In 2001 I moved into the Faculty of Arts at Deakin with responsibility for recruitment and support of international students, and outbound mobility of exchange and study abroad students. As the International Programs Coordinator, a new role for the faculty, I was employed to assist with marketing and recruitment due to my experience with the international students and my deep knowledge of the cultures from which they were sourced. This knowledge also provided self-confidence for entry into the off-shore markets with Deakin International, and for dealing with parents wanting to send their students to Australia. My background as an ISA offered reassurance to parents of prospective students, and my own experience as an exchange student meant that I could understand the challenges faced by those coming to a new culture and education system, studying in their second language. Alumni relations was becoming recognized as increasingly important and I had a large database of my own through the relationships that I had built over the years. This enabled alumni to reconnect with the university, and assist with marketing and recruitment and business development off-shore. My well-established network across ASEAN and North Asia facilitated improved communications with the target markets.
Initially, one of the difficulties I faced was working with those without Asian experience, and where resources, systems and processes designed for the domestic market did not suit engagement with the Asian market. The University had a one size fits all approach not only to marketing of programs internationally and in engaging with international students, but also in its approach to outbound mobility, where student exchange was predominantly with western partners. With more staff travelling abroad for recruitment events, it became necessary to provide staff briefings not only on the markets, but on cultural awareness and protocols unfamiliar to those whose international experience was largely with North American and European cultures. An example was where my Dean was taking her first tour of duty to SE Asia, to meet with prospective partners and speak at events, which created some anxiety for her as it was all very new. In addition to providing a cultural briefing, I “colour-coded” the gifts that are integral to these high level meetings in Asia in order to simplify the process! Over the four years in the role, I drew on my previous experience and on-going professional development, including undertaking a Masters in International Education from Monash, to assist the faculty to better integrate with the university international division, begin to develop study abroad opportunities for inbound students, have staff better engaged with the international students they were teaching, and to “internationalise” systems, processes, resources and student support.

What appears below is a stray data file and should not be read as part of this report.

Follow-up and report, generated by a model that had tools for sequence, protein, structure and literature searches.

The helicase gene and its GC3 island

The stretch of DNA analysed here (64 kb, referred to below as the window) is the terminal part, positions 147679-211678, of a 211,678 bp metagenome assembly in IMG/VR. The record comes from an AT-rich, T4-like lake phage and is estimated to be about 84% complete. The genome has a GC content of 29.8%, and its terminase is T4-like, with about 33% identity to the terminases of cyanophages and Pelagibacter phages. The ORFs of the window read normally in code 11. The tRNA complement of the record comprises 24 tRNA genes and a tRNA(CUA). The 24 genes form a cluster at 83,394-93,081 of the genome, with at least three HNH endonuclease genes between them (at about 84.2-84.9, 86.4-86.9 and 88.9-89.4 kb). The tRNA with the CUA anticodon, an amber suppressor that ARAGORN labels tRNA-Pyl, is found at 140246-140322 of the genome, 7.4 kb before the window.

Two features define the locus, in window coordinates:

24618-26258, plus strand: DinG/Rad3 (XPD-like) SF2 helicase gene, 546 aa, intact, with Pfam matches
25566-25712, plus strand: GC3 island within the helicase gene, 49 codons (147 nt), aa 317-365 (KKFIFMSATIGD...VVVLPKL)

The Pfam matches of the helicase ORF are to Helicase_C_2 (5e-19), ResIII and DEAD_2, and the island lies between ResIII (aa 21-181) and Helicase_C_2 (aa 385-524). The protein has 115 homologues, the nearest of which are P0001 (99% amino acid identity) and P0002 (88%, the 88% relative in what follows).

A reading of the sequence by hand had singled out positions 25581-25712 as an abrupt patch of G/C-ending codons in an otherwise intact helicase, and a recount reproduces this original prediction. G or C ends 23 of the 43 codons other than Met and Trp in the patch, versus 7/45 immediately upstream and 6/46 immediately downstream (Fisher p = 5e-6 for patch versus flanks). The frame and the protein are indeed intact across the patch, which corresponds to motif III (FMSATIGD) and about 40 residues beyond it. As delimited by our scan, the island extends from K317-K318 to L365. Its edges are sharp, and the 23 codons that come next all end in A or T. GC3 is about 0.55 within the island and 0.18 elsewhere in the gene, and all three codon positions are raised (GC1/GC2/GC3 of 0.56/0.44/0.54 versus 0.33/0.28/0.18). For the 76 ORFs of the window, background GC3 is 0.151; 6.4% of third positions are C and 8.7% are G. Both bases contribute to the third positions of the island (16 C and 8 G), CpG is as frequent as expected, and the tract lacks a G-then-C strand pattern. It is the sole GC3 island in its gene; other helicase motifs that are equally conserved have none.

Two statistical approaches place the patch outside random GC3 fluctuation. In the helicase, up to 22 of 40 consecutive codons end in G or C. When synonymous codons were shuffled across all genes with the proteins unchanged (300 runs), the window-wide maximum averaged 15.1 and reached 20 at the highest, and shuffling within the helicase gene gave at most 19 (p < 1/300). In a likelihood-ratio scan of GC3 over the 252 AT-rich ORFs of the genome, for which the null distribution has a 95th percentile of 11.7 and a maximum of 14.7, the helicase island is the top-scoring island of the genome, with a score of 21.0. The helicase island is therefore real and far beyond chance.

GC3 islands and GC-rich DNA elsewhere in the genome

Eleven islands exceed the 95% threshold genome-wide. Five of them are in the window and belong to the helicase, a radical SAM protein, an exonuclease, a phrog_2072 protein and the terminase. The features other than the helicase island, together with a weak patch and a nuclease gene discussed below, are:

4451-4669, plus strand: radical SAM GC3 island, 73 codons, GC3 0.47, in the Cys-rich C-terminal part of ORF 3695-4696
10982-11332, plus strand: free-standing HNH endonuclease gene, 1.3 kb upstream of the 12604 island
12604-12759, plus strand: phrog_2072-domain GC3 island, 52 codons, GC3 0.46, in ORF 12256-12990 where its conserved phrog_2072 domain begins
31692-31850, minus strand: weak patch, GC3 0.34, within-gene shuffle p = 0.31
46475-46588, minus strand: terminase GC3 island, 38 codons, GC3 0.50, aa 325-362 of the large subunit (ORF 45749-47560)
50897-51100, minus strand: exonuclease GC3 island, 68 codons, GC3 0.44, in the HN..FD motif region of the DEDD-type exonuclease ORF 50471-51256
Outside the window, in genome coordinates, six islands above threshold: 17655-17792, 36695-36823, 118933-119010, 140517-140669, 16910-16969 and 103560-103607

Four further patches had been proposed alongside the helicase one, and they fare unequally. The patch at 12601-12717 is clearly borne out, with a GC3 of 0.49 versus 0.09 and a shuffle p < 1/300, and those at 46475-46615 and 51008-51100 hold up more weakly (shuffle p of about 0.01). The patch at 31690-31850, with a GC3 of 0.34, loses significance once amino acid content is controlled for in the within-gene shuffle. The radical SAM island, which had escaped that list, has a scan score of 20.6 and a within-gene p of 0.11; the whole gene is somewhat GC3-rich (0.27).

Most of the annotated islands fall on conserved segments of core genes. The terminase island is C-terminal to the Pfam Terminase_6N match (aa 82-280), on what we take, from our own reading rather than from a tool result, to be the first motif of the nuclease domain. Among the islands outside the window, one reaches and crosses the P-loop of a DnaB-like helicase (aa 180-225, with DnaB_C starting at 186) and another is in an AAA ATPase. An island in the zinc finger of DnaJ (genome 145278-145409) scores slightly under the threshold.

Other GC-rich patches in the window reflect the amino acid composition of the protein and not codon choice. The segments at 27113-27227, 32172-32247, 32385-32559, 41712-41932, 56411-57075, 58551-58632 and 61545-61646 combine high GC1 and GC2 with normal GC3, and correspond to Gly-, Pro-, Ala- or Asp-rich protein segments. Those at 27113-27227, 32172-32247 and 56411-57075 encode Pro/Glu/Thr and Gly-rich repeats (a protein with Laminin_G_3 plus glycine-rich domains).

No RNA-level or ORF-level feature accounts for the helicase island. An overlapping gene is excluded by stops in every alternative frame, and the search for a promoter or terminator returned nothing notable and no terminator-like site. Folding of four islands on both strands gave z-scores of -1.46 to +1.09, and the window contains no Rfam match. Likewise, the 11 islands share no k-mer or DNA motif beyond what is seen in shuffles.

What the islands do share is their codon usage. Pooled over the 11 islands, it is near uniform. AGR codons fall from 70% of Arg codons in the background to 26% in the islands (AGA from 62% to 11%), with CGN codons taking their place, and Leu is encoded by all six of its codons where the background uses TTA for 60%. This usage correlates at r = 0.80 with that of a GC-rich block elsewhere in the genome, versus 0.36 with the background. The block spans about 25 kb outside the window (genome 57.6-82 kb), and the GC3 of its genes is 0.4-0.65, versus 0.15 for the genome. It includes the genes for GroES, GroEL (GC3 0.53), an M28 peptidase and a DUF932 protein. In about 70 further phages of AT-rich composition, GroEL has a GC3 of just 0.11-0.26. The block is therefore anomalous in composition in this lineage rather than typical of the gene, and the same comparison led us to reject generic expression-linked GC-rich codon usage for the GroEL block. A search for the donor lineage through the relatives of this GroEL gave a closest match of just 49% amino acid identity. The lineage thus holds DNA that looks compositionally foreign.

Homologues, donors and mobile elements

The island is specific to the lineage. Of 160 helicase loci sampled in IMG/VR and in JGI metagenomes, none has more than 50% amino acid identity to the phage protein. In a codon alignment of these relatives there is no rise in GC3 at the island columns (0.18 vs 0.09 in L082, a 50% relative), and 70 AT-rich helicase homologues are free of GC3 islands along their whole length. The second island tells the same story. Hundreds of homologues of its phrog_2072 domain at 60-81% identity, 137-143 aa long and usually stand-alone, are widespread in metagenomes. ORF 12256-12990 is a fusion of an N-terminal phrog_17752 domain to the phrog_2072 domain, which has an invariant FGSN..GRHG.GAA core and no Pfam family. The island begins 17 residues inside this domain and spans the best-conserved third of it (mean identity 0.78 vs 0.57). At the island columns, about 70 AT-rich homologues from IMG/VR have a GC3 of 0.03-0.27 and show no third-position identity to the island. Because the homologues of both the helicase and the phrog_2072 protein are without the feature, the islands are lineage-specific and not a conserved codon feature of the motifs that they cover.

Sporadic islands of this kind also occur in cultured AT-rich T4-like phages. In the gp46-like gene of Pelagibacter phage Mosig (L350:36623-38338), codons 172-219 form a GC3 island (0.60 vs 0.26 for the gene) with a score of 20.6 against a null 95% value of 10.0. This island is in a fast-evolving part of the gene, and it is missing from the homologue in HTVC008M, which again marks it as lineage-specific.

A new opportunity at the University of Melbourne arose in 2005, as the Manager of International Programs in the Faculty of Education. The new role consolidated my previous experiences and provided the opportunity to manage a team, again in marketing and recruitment, alumni relations, student mobility, and this time the opportunity to work on business development in the form of new inbound and outbound programs, and off-shore teaching programs. The role was a huge challenge in that the group of eight university was far more bureaucratic and slower to accept change, yet I was able to draw on the accumulated experience and knowledge to not only make a difference to systems and processes, but it also provided the opportunity to train up and coach staff new to international education. The role only lasted two years before I made the major life change of moving to Kuala Lumpur to take a role in one of the universities newly created off-shore offices.